Even though Novi’s concept might appear quite unusual to some crypto enthusiasts, Facebook seems to address a different crypto audience by simplifying the access to digital assets without relying on a bank.

“We chose USPD so that we can test our systems with a stablecoin that has been operating successfully for over three years and that has important regulator and consumer protection attributes,” Marcus said in a statement.

“USPD reserves are fully backed by the U.S. dollar and are helping 100 percent in cash and cash equivalents. This means that people can easily withdraw their money in their local currency when they choose,” he added.

As for availability, the digital platform will be deployed on the App Store and Android Play Store, where people can sign up by using a government ID, while money withdrawal options presented on the platform may vary by country.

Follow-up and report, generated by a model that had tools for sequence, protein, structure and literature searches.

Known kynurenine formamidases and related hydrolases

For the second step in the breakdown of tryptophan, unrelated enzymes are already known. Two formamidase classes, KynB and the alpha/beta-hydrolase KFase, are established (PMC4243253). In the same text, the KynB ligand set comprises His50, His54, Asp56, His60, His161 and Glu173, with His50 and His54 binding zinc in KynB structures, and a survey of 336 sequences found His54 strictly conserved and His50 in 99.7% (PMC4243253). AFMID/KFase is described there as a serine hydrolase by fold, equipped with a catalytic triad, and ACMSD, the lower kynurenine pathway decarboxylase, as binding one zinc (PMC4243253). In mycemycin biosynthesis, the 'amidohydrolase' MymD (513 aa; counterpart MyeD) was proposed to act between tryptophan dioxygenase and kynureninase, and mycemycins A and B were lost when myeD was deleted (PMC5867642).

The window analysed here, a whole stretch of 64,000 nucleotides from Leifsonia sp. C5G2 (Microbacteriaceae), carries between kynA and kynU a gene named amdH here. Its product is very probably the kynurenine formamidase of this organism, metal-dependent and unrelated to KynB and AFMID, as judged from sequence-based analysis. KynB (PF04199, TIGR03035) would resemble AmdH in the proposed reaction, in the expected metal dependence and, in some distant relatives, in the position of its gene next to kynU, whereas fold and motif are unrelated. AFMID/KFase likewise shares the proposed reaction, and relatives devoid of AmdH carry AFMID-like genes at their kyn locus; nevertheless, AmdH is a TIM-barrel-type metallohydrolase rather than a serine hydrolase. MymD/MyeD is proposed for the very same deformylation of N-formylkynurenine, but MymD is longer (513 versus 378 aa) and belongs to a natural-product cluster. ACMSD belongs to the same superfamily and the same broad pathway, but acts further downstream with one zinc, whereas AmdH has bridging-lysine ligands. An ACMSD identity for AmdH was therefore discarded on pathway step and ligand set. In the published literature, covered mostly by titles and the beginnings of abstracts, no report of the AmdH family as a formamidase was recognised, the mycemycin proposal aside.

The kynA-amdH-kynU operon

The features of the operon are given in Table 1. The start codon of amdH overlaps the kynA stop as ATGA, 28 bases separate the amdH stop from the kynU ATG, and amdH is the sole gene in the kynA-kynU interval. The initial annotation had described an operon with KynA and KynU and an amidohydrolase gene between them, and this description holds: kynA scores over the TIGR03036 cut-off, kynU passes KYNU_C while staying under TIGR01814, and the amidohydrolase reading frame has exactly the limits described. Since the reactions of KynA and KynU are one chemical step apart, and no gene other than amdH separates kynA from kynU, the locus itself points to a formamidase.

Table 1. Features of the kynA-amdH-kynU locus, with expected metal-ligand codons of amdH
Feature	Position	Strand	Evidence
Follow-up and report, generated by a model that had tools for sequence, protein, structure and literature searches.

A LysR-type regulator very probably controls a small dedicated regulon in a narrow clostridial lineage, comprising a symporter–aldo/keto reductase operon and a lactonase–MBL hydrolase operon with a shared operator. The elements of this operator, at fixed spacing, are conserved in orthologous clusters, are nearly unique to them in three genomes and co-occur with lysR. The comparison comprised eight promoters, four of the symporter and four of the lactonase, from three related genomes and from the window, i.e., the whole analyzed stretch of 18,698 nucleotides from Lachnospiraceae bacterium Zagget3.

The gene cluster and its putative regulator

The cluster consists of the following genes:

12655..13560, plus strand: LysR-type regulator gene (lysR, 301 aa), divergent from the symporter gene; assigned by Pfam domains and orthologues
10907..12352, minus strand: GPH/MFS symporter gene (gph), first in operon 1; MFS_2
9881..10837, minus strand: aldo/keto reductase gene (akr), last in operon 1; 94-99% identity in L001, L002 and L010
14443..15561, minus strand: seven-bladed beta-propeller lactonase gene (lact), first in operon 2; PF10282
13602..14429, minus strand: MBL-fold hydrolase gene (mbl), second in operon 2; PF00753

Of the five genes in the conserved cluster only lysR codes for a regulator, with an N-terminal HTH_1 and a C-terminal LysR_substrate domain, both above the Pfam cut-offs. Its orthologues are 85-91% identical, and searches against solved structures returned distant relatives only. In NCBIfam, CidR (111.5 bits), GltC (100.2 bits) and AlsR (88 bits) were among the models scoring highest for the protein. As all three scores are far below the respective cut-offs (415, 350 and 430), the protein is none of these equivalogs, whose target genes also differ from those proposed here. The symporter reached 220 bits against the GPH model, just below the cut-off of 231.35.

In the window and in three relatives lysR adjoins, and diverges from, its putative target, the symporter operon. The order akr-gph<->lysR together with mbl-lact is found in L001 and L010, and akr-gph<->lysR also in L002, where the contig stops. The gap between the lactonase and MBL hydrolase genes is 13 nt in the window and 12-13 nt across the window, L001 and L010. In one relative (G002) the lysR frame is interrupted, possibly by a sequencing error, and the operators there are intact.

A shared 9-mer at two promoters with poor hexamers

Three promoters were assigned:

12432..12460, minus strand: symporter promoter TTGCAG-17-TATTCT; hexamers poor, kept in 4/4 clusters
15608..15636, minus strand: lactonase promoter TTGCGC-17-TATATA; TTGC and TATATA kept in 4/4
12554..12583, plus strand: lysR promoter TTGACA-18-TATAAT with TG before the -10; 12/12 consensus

Regulatory stance on Facebook entering the crypto market

The moment Facebook publicized news of its cryptocurrency project, global regulatory authorities fixated their attention on the Big Tech company. Worldwide scrutiny, in addition to the U.S. House of Committee on Financial Services, has endlessly vocalized its suspicion of Facebook’s plan to enter the decentralized market.

But as the regulatory eye gazes deeper and deeper into Facebook’s conduct, can the tech titan be trusted with users’ digital wallets?

Since its surfacing to the digital scene ten years ago, Facebook manifested into one of the world’s largest companies and most influential ones. As it metamorphosis into a global digital phenomenon, regulators constantly assess the company’s plans and ulterior motives.